Like a never-ending video game, there’s always another “level” waiting to be conquered as soon as you think you’ve made it. Did you navigate the frog-strewn obstacle course and arrive safely on the far side? Good. In the next level you get to dodge exploding starfish while swimming through peanut butter. Have fun!
You never really “win.” There’s always a bigger goal ahead. Sure, I’m a bestseller in Historical Christian Romance. But what about being a bestseller on ALL of Amazon? What about being a bestseller on the New York Times list? What about having my book made into a movie?
There’s always more “success” flirting with you from just around the corner. (Which explains why some of the most “successful” people in the world end up loosing themselves to drugs, destroying their marriages, committing suicide, etc.) Material success can never satisfy. It only wets your appetite.
So…am I saying I’m unsatisfied?
Nope. Remember my original goals? I hit every one of them. And the ones that are the most satisfying are NOT the ones measured in sales, ratings, or acclaim. The most satisfying successes are the immaterial ones. The joy of giving this gift to Sharon and Susan, who get so see their parents’ story being shared with the world. The reviews I read from people saying how much the book blessed them. The friends of Fred and Lily who write in telling me how perfectly I captured the personalities of the couple they knew so well.
Those are the successes that leave me satisfied, instead of instantly wanting to achieve the next level.
Kind of like, (on a much smaller scale), the satisfaction I felt when I pulled up to my house without killing a single frog on my way home. I didn’t need to run out and try dodging bigger frogs on a faster road, or earn an award for being the best frog-dodger in GA. I was just happy I could drive home in the dark without killing tiny creatures along the way.
Would I still like Where Daffodils Bloom to end up a NYT bestseller? Sure. Would I still think it was cool if somebody made it into a movie? Of course. But is that what I want to get my satisfaction from? Not a chance.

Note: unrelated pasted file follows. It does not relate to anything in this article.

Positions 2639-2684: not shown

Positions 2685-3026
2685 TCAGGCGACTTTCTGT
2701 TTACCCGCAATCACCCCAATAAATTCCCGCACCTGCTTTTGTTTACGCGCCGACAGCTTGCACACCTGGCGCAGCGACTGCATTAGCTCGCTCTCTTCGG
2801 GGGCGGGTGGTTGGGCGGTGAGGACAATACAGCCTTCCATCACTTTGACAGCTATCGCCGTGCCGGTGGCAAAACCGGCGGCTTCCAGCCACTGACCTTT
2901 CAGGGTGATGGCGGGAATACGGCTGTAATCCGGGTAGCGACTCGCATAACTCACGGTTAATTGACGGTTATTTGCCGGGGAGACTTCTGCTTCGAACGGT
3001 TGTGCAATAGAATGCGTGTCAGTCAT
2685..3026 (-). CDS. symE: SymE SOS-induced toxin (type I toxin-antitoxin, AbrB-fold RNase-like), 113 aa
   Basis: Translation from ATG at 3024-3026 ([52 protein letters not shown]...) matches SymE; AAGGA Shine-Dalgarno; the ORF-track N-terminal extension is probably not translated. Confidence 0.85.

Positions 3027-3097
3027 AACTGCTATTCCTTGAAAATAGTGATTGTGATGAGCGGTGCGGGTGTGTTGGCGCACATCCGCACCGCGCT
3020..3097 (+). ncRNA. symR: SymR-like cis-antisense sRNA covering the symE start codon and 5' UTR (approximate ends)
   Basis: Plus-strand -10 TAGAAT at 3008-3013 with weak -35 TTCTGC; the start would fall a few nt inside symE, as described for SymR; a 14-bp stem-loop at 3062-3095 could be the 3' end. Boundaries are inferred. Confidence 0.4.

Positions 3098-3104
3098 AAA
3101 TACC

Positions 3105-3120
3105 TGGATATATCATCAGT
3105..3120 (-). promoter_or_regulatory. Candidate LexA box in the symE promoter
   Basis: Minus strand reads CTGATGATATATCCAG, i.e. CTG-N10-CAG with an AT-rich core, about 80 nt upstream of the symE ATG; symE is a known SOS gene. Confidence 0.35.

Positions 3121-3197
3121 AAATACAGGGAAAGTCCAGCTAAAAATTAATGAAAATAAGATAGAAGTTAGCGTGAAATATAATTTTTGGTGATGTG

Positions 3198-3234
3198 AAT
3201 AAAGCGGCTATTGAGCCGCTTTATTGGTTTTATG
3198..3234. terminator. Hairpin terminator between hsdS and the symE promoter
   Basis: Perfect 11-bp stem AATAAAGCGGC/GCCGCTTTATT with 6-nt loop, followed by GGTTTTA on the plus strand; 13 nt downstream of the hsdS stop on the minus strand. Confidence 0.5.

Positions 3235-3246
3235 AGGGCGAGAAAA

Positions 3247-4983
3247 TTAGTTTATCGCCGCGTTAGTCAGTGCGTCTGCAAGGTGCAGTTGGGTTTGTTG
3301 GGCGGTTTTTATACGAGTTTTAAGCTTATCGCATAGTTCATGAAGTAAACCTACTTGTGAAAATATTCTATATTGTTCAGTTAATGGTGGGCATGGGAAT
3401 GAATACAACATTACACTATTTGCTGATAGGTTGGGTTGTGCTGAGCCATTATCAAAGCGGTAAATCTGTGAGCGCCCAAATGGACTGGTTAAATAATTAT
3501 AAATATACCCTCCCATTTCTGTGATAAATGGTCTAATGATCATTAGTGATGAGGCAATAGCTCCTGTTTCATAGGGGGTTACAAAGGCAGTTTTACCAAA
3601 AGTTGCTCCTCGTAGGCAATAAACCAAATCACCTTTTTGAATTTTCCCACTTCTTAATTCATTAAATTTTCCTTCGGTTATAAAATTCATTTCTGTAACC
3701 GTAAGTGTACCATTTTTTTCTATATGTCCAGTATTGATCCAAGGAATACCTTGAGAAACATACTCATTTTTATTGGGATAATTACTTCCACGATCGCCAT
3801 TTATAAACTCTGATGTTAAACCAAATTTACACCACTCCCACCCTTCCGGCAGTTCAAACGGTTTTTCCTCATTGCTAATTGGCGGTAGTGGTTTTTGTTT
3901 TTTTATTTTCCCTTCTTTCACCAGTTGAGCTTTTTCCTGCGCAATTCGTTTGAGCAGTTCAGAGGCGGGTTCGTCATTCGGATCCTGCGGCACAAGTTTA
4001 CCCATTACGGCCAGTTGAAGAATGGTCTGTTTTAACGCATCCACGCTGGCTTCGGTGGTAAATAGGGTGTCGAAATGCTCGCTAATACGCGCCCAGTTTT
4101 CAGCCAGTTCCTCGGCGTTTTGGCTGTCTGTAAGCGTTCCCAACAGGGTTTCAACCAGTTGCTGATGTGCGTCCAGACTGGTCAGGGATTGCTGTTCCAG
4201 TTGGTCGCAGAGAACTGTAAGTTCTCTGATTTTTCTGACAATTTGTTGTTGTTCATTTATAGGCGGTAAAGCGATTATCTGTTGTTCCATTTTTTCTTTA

Material success is never going to be satisfying if we don’t invest in the immaterial things along the way. Racing full-tilt up the road to fame won’t bring us joy if we recklessly crush everything in our path.
We were designed in the image of a personal, relational God, who is in the business of blessing, saving, preserving, and caring for His creation. We are most fulfilled when we follow in His footsteps, blessing, preserving, and caring for the people and world around us.
Whether that means writing books that impact thousands of readers or simply dodging frogs on a dark, rainy night, everything we do can either be a blessing or a curse, either bring more life or more death into our sphere of influence.
Am I saying we shouldn’t want/try to be skillful and successful in our work? No. Am I saying that if you accidentally run over a frog, or a turtle, or even a kitten on your way home tomorrow, you’re a terrible person? Of course not. I’m simply pointing out that if we walk through our lives focused on doing good, not just making records, we’ll end up far more satisfied in the long run.
So let’s set goals that matter. Let’s find our satisfaction in things that last. Let’s go through our world touching lives, not counting Amazon ratings.
And maybe even save a few frogs while we’re at it. 😉